Architeuthis (Giant Squid) Sightings

chrono_war01

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In a debate with a friend, he says it's an Onykias and I am fairly certain it's an Archi. Thoughts?
 

Clem

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In a debate with a friend, he says it's an Onykias and I am fairly certain it's an Archi. Thoughts?
Onykia robusta has smaller arms and much larger fins. Based on those criteria alone, this squid can't be O. robusta. I see no reason to doubt that the Toyama Bay squid is what it appears to be.
 

GPO87

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The pictures of it in the water are really quite beautiful! But, from the photo's it doesn't look anywhere close to 9 meters long.
Did you watch the video's in the link further down. Some I had seen, but others were new to me!
 

tonmo

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agree, the pics (and vids!) are great - but yeah, 9 meters is a bit of a "stretch" (literal usage here!) ... it does, however, *appear* to be an unusually large mantle... on the larger side, yes?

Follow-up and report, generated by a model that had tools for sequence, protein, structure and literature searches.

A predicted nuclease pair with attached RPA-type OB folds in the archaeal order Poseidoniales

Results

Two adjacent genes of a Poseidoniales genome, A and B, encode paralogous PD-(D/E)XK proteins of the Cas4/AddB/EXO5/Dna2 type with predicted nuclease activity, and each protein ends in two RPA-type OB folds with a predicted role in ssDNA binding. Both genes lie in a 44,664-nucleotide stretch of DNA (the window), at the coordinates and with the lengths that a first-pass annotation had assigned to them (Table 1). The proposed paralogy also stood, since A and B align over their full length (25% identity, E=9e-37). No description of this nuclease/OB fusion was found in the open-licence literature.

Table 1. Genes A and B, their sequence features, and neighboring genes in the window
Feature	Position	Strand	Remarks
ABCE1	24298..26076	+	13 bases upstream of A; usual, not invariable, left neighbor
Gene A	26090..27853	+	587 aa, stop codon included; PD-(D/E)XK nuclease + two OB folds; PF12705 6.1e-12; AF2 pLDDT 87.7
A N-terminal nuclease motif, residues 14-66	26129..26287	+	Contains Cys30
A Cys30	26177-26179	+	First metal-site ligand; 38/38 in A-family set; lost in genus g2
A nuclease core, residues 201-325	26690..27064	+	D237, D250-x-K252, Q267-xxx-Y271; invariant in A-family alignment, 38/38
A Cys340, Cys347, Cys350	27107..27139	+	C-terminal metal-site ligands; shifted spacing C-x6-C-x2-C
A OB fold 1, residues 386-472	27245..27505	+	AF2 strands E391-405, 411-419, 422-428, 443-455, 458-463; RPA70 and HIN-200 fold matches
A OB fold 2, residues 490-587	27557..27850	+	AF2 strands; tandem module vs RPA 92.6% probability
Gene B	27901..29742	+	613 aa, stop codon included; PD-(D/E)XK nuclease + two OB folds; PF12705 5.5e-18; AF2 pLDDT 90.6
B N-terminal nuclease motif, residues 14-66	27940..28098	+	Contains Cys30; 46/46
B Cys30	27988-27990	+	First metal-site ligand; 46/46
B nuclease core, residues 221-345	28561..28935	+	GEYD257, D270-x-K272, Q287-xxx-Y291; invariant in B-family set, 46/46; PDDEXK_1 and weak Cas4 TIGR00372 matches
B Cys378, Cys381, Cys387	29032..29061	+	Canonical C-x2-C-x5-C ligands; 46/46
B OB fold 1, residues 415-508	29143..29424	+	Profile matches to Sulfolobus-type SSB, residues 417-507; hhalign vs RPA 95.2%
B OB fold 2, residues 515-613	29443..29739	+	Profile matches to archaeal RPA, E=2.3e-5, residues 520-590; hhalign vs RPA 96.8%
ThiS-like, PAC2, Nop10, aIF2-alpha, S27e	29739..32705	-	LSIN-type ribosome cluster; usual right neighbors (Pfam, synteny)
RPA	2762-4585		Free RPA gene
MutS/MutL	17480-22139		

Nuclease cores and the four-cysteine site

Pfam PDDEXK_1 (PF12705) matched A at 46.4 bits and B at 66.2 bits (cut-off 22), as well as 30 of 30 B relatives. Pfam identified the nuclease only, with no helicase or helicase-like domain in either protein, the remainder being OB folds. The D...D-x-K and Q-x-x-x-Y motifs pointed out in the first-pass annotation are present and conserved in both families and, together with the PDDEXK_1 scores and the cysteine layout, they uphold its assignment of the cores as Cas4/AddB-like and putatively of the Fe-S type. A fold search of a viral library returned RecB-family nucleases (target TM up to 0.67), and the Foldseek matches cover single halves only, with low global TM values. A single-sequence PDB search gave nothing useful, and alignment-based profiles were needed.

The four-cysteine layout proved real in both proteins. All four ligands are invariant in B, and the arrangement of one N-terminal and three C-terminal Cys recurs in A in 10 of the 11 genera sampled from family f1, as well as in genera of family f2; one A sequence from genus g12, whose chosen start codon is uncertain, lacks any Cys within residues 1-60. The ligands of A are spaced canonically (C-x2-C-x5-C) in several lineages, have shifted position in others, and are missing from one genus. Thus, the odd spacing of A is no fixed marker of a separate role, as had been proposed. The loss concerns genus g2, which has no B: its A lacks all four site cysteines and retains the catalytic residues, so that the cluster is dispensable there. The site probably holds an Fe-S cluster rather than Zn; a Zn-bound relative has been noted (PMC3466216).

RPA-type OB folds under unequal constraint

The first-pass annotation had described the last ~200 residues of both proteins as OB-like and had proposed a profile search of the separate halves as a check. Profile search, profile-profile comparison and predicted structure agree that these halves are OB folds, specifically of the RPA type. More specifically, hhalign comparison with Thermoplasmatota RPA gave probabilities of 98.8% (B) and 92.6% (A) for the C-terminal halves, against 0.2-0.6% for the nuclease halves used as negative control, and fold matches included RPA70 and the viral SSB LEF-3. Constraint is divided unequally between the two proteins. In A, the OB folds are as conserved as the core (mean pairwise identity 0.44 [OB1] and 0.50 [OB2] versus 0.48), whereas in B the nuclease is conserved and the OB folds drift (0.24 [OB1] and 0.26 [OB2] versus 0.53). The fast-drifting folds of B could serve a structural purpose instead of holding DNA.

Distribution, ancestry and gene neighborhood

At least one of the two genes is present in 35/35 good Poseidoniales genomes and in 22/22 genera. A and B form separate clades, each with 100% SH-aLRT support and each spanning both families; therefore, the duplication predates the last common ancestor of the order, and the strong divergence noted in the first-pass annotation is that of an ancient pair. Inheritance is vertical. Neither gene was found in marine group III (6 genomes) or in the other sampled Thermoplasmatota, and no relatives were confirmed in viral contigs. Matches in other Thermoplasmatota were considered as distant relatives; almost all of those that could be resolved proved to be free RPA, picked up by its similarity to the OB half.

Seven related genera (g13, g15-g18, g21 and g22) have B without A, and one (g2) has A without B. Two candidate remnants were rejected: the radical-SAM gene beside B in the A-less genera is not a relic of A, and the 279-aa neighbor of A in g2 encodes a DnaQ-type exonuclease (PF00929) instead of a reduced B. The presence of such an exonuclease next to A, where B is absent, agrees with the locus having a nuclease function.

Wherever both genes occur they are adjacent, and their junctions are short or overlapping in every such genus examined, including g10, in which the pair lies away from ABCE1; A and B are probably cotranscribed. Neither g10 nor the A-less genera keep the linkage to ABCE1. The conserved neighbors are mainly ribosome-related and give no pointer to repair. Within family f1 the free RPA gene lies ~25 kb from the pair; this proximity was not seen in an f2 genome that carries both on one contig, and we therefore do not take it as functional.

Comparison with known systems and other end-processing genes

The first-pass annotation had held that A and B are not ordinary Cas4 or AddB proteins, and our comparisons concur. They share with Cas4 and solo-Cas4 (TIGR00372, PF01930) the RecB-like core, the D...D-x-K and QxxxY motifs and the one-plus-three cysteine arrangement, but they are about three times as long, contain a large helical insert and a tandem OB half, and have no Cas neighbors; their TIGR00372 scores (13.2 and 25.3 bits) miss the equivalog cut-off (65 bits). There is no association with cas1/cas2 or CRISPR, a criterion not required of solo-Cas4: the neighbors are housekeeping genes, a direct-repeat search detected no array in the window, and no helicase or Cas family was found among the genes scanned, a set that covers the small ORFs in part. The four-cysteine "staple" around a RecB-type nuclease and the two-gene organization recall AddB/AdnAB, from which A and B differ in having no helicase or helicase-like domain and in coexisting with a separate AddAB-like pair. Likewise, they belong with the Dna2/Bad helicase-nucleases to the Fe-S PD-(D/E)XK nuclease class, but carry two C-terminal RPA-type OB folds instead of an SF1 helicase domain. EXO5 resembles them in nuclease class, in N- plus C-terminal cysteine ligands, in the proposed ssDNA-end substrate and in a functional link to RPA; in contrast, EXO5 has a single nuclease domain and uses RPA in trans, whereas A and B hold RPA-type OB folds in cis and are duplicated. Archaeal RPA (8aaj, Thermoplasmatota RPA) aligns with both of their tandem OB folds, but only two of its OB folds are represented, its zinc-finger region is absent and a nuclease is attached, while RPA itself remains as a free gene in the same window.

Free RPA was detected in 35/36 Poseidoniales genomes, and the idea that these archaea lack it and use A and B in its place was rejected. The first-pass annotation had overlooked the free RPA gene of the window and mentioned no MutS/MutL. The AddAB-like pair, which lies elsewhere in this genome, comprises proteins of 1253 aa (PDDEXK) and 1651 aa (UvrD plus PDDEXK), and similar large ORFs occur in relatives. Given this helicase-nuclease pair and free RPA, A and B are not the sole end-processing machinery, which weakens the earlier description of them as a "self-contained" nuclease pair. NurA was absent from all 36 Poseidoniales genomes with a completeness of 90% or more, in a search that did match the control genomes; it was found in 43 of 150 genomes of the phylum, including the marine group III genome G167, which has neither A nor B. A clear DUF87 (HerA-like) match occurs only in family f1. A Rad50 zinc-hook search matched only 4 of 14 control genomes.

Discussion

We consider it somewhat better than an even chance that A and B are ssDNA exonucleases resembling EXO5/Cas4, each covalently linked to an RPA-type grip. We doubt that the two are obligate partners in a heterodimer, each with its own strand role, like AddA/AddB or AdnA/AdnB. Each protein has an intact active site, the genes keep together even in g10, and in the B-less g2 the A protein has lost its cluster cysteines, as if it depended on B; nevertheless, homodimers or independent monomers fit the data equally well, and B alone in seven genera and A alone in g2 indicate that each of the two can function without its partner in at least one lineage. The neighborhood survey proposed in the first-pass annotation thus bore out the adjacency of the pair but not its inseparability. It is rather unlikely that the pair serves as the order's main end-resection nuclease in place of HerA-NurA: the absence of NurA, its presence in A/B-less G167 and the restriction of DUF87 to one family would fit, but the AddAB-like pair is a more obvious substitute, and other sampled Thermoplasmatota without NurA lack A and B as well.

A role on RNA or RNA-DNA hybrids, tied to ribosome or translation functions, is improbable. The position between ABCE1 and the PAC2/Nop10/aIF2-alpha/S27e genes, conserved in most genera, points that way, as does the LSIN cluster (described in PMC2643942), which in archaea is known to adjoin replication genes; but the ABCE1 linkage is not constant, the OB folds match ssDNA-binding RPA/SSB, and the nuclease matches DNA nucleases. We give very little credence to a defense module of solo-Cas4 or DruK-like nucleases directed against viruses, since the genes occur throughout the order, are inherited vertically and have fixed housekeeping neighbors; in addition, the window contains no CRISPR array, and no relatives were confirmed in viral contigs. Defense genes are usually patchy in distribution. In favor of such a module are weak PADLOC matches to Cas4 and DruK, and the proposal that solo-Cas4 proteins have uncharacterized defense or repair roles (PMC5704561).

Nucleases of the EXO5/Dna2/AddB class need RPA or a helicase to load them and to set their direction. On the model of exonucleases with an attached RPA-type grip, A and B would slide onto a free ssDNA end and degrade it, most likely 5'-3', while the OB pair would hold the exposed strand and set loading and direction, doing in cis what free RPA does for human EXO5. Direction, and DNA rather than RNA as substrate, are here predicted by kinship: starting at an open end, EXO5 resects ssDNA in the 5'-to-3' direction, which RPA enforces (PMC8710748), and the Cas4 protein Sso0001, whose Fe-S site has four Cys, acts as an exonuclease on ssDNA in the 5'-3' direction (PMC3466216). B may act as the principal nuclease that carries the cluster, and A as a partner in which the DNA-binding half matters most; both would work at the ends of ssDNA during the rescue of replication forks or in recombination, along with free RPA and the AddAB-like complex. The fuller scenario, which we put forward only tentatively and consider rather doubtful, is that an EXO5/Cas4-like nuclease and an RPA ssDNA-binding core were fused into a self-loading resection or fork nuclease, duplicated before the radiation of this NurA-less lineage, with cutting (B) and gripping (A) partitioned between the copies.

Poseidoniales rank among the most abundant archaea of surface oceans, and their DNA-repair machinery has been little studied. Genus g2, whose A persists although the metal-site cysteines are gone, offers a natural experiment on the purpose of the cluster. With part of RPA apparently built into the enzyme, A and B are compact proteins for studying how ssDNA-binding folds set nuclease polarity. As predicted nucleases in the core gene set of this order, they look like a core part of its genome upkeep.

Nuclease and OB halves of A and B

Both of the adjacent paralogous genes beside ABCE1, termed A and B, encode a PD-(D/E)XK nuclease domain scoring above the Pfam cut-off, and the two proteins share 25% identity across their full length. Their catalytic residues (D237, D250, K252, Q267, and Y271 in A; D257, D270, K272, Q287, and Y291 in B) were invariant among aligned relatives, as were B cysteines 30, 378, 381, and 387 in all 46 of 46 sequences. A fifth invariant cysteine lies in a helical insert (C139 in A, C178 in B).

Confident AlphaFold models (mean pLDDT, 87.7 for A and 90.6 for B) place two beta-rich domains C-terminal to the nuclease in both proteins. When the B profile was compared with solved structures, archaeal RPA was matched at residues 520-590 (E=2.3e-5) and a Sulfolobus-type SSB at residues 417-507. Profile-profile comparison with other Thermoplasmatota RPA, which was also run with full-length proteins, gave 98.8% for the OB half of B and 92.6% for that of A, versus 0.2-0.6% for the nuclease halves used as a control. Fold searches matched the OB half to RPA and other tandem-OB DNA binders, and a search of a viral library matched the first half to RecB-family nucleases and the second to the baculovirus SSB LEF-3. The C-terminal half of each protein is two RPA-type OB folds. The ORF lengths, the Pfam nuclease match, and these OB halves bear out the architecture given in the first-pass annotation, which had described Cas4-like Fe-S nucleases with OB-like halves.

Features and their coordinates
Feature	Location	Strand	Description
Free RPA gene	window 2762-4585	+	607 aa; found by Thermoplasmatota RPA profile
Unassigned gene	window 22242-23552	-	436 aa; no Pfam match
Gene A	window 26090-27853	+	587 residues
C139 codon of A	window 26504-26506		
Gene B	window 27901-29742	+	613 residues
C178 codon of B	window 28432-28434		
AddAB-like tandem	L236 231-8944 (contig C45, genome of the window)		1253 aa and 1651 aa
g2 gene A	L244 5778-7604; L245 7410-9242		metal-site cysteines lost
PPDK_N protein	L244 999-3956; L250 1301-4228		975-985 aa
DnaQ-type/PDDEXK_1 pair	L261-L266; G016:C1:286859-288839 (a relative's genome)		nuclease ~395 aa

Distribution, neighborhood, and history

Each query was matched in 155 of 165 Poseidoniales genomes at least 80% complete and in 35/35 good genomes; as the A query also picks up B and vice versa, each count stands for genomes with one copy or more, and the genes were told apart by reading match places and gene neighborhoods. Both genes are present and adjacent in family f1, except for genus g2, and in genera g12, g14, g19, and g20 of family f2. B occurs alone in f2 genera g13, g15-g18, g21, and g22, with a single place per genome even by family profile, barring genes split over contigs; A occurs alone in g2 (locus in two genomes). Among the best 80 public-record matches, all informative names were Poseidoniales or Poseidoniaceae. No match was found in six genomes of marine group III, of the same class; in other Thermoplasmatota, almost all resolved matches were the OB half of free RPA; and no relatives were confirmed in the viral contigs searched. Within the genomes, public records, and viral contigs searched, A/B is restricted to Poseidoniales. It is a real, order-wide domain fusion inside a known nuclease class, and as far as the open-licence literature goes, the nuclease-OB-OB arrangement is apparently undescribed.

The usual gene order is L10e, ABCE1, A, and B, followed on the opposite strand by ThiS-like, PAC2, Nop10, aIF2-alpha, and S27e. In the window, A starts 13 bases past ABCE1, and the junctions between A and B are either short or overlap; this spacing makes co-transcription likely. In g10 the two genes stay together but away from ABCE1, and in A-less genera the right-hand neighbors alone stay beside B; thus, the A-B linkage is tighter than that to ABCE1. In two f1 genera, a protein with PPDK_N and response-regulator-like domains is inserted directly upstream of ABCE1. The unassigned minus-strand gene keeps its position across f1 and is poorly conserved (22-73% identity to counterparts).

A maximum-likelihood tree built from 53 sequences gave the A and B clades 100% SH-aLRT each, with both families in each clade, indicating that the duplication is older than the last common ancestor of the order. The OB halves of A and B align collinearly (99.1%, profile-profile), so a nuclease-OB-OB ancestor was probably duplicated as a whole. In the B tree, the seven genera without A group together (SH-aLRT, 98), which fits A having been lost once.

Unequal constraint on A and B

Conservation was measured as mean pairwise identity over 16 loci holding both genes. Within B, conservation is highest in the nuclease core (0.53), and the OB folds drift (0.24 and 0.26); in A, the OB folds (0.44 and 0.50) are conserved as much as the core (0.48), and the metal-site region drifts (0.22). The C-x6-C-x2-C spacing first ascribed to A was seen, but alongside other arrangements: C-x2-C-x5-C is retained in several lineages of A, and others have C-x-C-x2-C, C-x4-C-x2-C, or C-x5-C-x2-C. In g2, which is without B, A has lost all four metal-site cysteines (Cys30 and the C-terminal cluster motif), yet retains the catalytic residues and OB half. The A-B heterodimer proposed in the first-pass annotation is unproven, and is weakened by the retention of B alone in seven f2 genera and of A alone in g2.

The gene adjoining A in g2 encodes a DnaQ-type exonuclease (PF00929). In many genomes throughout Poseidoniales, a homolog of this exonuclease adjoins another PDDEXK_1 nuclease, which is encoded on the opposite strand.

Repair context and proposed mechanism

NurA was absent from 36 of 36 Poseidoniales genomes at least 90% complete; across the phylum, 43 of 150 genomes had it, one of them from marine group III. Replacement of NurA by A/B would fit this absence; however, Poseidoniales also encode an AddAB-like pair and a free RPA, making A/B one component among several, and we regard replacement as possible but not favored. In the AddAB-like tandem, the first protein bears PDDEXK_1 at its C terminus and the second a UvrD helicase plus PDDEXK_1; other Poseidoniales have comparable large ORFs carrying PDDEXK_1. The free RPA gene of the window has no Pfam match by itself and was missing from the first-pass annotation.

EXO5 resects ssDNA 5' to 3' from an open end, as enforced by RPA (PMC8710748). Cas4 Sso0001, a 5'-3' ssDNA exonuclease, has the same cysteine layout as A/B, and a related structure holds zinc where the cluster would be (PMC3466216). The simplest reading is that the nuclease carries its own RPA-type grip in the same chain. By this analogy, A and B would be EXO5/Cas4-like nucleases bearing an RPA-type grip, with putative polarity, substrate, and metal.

DWhatley

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Extraordinary numbers of giant squid, Architeuthis dux, encountered in Japanese coastal waters of the Sea of Japan from January 2014 to March 2015
Tsunemi Kubodera, Toshifumi Wada, Masahito Higuchi, Akiko Yatabe 2016 (subscription Springer)
Abstract
In total, 57 giant squid, Architeuthis dux, were found between January 2014 and March 2015 in Japanese coastal waters in the Sea of Japan. Occurrences were especially high around Sado Island and in Toyama Bay. All of the squid occurred individually, and 28 were found alive. The occurrences were categorized into three groups based on distance from the shore and the depth at which they were found: (1) washed ashore on a beach or found floating at the surface close to a beach (19 individuals); (2) caught in a fixed net set in coastal waters between 50 and 150 m depths (28 individuals); and (3) caught by bottom trawl or bottom gillnet fisheries several kilometers offshore between 200 and 300 m depths (ten individuals). Two size groups were recognized, one ranging between 80 and 160 cm dorsal mantle length (DML) with a mode at 110 cm and another larger than 160 cm DML. The sex ratio in the smaller group was nearly equal and the larger group was comprised of all females. The Sea of Japan was considered to be a large natural trap for giant squid migrating through southwestern Tsushima Strait.
 

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